Barreling across the Gulf of Mexico toward the Texas coast, Hurricane Ike is currently expected to make landfall early Saturday somewhere between Houston and Corpus Christi. That area happens to be home to the nation's greatest concentration of oil refineries and chemical plants, raising the specter of potential environmental and economic disaster. The Associated Press reports:
The oil and gas industry watched the storm closely, fearing damage to the very heart of its operations.
Texas is home to 26 refineries that account for one-fourth of U.S. refining capacity, and most are clustered along the Gulf Coast in such places as Houston, Port Arthur and Corpus Christi. Exxon Mobil Corp.'s plant in Baytown, outside Houston, is the nation's largest refinery. Dow Chemical has a huge operation just north of Corpus Christi.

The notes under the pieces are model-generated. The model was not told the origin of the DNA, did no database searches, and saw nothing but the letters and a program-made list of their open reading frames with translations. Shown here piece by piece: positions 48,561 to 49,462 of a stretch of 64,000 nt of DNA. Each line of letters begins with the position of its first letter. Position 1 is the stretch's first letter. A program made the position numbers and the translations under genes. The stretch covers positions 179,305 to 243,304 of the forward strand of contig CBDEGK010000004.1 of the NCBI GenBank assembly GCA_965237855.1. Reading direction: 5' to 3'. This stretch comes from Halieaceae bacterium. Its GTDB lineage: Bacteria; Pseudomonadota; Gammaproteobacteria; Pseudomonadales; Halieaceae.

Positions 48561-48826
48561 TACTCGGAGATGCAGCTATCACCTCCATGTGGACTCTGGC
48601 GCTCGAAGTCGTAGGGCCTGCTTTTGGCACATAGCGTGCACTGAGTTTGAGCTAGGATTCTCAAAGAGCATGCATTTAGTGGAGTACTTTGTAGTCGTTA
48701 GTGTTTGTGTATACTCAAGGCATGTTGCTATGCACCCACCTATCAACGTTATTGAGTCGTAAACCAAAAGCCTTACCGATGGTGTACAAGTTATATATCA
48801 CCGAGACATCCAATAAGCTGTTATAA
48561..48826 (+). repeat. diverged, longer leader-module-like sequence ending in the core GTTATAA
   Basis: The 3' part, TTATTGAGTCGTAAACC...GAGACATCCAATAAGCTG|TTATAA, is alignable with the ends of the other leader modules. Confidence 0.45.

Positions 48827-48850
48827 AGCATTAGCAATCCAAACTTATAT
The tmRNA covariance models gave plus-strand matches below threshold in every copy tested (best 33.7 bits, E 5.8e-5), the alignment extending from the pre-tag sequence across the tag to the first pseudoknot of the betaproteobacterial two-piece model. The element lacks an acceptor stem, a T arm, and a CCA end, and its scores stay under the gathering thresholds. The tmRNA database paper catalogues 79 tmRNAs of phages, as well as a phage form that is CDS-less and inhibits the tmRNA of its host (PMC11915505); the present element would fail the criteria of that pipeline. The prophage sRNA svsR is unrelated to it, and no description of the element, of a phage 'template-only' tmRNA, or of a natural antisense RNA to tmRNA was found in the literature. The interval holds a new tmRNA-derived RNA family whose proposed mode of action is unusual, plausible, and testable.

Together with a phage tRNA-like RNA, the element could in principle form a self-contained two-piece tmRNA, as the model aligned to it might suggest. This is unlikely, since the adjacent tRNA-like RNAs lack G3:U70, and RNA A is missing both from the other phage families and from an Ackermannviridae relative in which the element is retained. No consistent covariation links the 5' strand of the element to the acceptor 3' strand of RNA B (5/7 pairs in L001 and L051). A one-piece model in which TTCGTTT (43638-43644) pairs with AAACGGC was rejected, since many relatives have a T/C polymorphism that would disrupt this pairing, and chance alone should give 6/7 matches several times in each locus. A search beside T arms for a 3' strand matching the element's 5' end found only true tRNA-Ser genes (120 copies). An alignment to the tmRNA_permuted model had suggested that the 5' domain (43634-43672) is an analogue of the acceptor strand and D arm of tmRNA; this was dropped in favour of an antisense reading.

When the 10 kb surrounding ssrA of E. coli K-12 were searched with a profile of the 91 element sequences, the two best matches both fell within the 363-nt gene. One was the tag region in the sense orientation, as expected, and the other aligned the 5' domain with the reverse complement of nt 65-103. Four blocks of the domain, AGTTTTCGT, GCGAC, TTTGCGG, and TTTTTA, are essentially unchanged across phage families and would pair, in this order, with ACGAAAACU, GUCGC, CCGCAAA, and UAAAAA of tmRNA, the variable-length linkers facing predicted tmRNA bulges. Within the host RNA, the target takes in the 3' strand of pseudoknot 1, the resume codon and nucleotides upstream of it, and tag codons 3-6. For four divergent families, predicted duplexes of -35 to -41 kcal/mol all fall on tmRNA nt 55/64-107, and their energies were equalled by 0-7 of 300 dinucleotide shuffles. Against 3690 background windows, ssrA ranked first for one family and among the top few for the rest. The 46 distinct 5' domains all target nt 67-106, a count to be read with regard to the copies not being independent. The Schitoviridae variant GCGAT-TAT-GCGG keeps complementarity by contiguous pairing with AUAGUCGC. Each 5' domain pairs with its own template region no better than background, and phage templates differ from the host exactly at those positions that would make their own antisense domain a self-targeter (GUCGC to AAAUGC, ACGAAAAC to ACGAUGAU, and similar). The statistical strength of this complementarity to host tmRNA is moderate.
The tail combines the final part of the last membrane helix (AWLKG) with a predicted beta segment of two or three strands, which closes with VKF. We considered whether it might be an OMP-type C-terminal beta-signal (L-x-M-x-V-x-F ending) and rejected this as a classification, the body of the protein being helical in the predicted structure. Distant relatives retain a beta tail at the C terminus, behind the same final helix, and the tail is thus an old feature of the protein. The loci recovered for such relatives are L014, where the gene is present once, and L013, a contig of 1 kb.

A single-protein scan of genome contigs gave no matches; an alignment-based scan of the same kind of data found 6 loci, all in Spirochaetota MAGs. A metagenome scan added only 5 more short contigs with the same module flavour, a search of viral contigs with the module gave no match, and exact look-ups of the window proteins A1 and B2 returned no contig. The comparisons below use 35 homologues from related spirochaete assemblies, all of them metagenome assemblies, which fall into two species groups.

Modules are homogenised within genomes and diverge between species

Refineries are built to withstand high winds, but flooding can disrupt operations and -- as happened in Louisiana after Hurricane Gustav -- power outages can shut down equipment for days or weeks. An extended shutdown could lead to higher gasoline prices.
But paying more at the pump is not the only threat when refineries take a hit from a hurricane, as the residents of Meraux, La. learned after Hurricane Katrina. In that community southeast of New Orleans, the Murphy Oil refinery spilled about a million gallons of oil during the floods, contaminating some 1,700 homes with cancer-causing polycyclic aromatic hydrocarbons, petrochemicals, and arsenic.